Assessing patient cognition and behaviour in specialised ALS multidisciplinary care: a study protocol

A. Hogden, J. Caga, D. Greenfield, E. Mioshi

Research output: Contribution to conferencePosterpeer-review


Background: Awareness of cognitive and behavioural change in deteriorating conditions informs patient and carer approaches to managing their future needs, and assists health professionals to facilitate timely decision-making for care (1). This research proposes a means to identify changes in amyotrophic lateral sclerosis (ALS) patient cognition and behaviour, and determine their impact on patient psychological wellbeing and caregiver burden.
Objectives: The study will evaluate the feasibility of an assessment package developed for use in specialised ALS multidisciplinary clinics, and the contribution the resulting information makes to patient care.
Method: The project examines the following research questions: 1) How can cognitive and behavioural changes associated with ‘ALS plus’ be detected in the specialised ALS multidisciplinary clinic setting? 2) What is the impact of cognitive and behavioural change on patient wellbeing and caregiver burden? 3) How do the results of ‘ALS plus’ assessments contribute to patient care?
The project will be being conducted during 2014 - 2015, as a mixed method study in two phases. Phase 1 is the implementation of the cognitive and behavioural assessment package. Phase 2 is the evaluation of the feasibility of the package. Data collection will take place in three ALS multidisciplinary clinics. Participants are ALS patient and carer pairs, and health professionals. Components of the assessment package are: Addenbrooke's Cognitive Examination-Revised (ACE-R) (2); McGill Quality of Life Questionnaire-Single Item Scale (MQOL-SIS) (3); Kessler Psychological Distress Scale (K10)(4); Motor Neuron Disease Behavioural Scale (MiND-B) (5); and the Caregiver Burden Inventory (CBI)(6).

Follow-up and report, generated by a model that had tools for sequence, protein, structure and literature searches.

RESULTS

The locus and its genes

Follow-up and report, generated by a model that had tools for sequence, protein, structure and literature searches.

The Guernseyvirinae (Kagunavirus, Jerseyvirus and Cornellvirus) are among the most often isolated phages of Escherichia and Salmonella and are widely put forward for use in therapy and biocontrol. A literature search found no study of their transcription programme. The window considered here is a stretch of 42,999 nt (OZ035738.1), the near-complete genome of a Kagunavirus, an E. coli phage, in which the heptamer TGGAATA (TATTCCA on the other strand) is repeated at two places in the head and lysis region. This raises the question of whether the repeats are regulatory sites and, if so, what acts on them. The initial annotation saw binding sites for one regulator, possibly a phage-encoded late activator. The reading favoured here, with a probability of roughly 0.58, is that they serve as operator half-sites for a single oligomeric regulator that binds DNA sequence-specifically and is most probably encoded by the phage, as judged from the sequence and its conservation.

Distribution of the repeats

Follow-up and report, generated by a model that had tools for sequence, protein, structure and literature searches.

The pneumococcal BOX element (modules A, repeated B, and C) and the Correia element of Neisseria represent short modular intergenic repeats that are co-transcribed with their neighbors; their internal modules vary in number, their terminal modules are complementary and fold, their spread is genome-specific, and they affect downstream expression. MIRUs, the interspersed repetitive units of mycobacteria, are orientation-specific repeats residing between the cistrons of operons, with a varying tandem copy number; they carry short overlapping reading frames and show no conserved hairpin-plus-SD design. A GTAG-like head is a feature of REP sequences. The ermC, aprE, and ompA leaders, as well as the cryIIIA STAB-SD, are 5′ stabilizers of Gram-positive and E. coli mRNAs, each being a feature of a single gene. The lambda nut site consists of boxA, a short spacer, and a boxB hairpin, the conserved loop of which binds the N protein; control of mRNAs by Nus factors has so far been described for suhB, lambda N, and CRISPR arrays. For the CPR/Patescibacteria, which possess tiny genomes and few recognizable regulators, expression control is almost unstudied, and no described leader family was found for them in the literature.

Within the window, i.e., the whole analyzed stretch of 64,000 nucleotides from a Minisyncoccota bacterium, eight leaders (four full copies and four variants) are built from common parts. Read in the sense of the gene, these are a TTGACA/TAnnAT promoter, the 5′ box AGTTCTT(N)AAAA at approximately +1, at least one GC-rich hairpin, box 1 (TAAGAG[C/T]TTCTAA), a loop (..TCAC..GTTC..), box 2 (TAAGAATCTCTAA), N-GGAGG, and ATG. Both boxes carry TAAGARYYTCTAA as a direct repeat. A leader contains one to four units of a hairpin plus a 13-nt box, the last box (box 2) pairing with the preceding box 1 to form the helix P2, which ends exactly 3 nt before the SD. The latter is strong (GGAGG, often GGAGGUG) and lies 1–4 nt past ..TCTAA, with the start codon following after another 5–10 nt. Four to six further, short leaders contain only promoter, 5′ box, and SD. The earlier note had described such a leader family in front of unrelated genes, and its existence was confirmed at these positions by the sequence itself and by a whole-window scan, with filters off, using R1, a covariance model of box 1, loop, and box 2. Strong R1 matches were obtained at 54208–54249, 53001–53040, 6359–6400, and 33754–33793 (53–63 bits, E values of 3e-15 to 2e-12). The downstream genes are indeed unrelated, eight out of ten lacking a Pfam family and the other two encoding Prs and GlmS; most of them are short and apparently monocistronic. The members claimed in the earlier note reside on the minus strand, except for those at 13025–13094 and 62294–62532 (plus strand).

Conclusions: Psychological and social factors play an important role in ALS patients' wellbeing and quality of life (7). Patient cognition and behaviour should be as comprehensively and proactively assessed as physical status, to identify early changes and provide holistic care. The assessment package seeks to meet these aims, and address a significant deficit in ALS patient care. Information gained from the assessment supports patient and caregiver understanding of ALS, and promotes their engagement in decision-making for symptom
management and quality of life (8). This protocol may have wider application to other conditions involving changes to patient cognition and behaviour. The package has the potential to enhance decision-making, improve service planning and management, and influence policy framing.
Original languageEnglish
Number of pages2
Publication statusPublished - 2014
Externally publishedYes
Event25th International Symposium on ALS/MND - Brussels, Belgium
Duration: 5 Dec 20147 Dec 2014


Conference25th International Symposium on ALS/MND


  • Multidisciplinary care
  • cognition
  • behaviour


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